Let’s be clear, when Bernie Sanders refers to the “working class,” he really means the “white working class.” It is not an all-inclusive term. Sanders’ supporters were and are primarily white. And while, of course, there were some people of color who supported his candidacy, their concerns did not fuel his message. He admitted last year in an interview with CBS that he came “from the white working class, and I am deeply humiliated that the Democratic Party can’t talk to the people where I came from.”
When asked about whether he would have won the 2016 election in Hillary Clinton’s place, he responded by saying, “She should have won this election by 10 percentage points.”
“The question is why is it that millions of white working class people who voted for Obama turned their backs on the Democratic Party,” said Sanders.
This is the same man who has never understood that racial justice isn’t just about economic equality. Leveling the economic playing field by providing more avenues to a higher education and retraining workers left out of the technology boom or creating a single-payer health care system is not going to change the white privilege that American society was built upon. Bernie did not win the hearts of Black voters. Hillary Clinton did.
Donald Trump has put a white nationalist and a neo-Nazi in the White House and his voters don’t have any problem with that. These are the same voters who Bernie believes the Democrats have ignored at their own peril.
I couldn’t disagree more.
As a Democrat, I have no desire to reach out to people who voted for a man who has made his racist and sexist intentions clear. And Sanders’ accusation that Democrats have ignored the working class or that they just represent elite liberals who live on the coasts is utter nonsense.
When Democrats support union workers, when they vote to extend unemployment insurance, when they propose paid sick leave and maternity leave, when they vote to raise the minimum wage or when they voted to support Obamacare, and when they consistently support a woman’s right to choose, it isn’t with elite liberals in mind.
It is with working class Americans in mind — all of them — not just the white ones, and not just the men.
Clinton supported retraining for coal workers. Her platform included free tuition and improvement to the Affordable Care Act. Women’s issues from equal pay to access to health care were front and center in her campaign. She listened to the parents across the country struggling with kids who were addicted to opioids and had a policy crafted to address it. She also addressed our institutional racism and pointed out white people’s role in perpetuating it.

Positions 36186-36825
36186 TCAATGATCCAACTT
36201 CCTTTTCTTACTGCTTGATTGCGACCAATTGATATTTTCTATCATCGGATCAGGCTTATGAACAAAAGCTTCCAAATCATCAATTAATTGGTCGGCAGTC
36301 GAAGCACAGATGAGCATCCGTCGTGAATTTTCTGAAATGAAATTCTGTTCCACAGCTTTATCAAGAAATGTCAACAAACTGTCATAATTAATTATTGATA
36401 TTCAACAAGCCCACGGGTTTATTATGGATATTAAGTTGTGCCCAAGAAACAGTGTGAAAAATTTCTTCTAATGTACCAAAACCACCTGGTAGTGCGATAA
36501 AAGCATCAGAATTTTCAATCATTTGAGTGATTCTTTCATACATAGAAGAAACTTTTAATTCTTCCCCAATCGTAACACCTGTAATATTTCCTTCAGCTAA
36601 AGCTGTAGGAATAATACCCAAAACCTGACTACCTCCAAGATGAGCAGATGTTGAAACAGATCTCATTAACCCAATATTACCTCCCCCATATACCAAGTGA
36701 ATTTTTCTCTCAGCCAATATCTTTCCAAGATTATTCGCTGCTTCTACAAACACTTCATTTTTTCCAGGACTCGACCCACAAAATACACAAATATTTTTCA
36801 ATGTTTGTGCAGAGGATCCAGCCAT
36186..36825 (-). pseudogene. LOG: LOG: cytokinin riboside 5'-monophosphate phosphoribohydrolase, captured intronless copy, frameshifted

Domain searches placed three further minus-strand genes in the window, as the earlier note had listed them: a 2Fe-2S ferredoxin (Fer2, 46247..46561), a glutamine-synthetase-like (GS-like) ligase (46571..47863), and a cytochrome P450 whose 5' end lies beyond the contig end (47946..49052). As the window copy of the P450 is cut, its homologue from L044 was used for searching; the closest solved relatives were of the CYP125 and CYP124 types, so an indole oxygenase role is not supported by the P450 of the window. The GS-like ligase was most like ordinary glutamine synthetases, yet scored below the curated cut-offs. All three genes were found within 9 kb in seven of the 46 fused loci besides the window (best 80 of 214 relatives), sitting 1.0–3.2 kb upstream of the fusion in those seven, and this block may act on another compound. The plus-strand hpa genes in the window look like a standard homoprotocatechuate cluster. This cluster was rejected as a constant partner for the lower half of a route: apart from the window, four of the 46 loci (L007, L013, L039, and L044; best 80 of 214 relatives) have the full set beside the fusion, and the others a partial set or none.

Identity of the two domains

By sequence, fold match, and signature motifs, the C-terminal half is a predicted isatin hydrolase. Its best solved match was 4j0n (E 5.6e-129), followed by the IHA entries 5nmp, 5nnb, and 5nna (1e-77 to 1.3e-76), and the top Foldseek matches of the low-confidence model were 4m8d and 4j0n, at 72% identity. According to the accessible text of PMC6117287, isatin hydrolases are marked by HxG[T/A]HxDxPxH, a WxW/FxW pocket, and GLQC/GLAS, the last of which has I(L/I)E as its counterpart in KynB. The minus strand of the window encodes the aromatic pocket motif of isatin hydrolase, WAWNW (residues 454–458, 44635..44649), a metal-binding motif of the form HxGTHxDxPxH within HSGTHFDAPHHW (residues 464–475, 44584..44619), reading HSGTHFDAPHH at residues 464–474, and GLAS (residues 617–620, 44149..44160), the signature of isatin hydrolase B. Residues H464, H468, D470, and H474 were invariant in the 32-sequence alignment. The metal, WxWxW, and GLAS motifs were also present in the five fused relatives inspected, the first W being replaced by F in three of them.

It is my contention that her support of Black people and their support of her cost her votes. Too many white people don’t understand their privilege. They don’t get that even working class whites are privileged. Neither does Bernie Sanders.
White Americans responded to Trump’s rhetoric that it’s time to make America great again, which is code for “make America white again.” His voters bought into that. White Americans’ concern for people of color who have long suffered in a society that functions and works against them didn’t exist in this last election.
For some, their conscience was assuaged because they had voted for a Black man and that was “proof” that they weren’t racist.
I would like to know what Sanders means when he says Democrats have to learn how to talk to the white working class? Does it mean we have to educate people that Obamacare and the Affordable Care Act are the same programs with a different name? Many of them believed they were two different things.
Does it mean that when they say the voted for Obama and then voted for Trump that we should explain that what each of these men believes in and stands for is diametrically opposite?
Do we have to show them the pain of women who have been sexually assaulted to help them to understand that to knowingly vote for a man who has been accused of assault, many times, is not voting in support of women?
Do we have to hold their hands and explain that a businessman who is known for not paying his bills, for screwing the little guy and who has gone bankrupt many times is not the kind of “businessman” that you want anywhere near the White House?
Do we have to remind them that Trump was the original birther, that he sought to discredit our first Black president with an unrelenting viciousness?
And where are the facts in all of this? Trump’s tweets and lies were well known before he was elected. His gross behavior towards women and Mexicans was no secret. These white working class people voted for him.
I have no intention of trying to reach out to these voters, nor do I want the Democratic Party to do so. Should they take the time to educate themselves, to read and think about all that is at stake and to shed their narrow privileged view of the world then I, and many others, will happily engage in a conversation. Until then, let them enjoy Trump.
Mr. Sanders, I am white and I care deeply for all people, but I know better than to suggest that the answer to the Democrats “problem” is to fine-tune its reach to the white working class. Even those who struggle and have lost jobs are still better off than their Black counterparts, and for the foreseeable future, they always will be. Your privilege shows when you think that accommodating the needs of white working class voters is a key strategy in strengthening the Democratic Party. The next time one of them gets shot with their hands up while not in possession of a weapon — then, maybe we can talk.
– Jan Harrison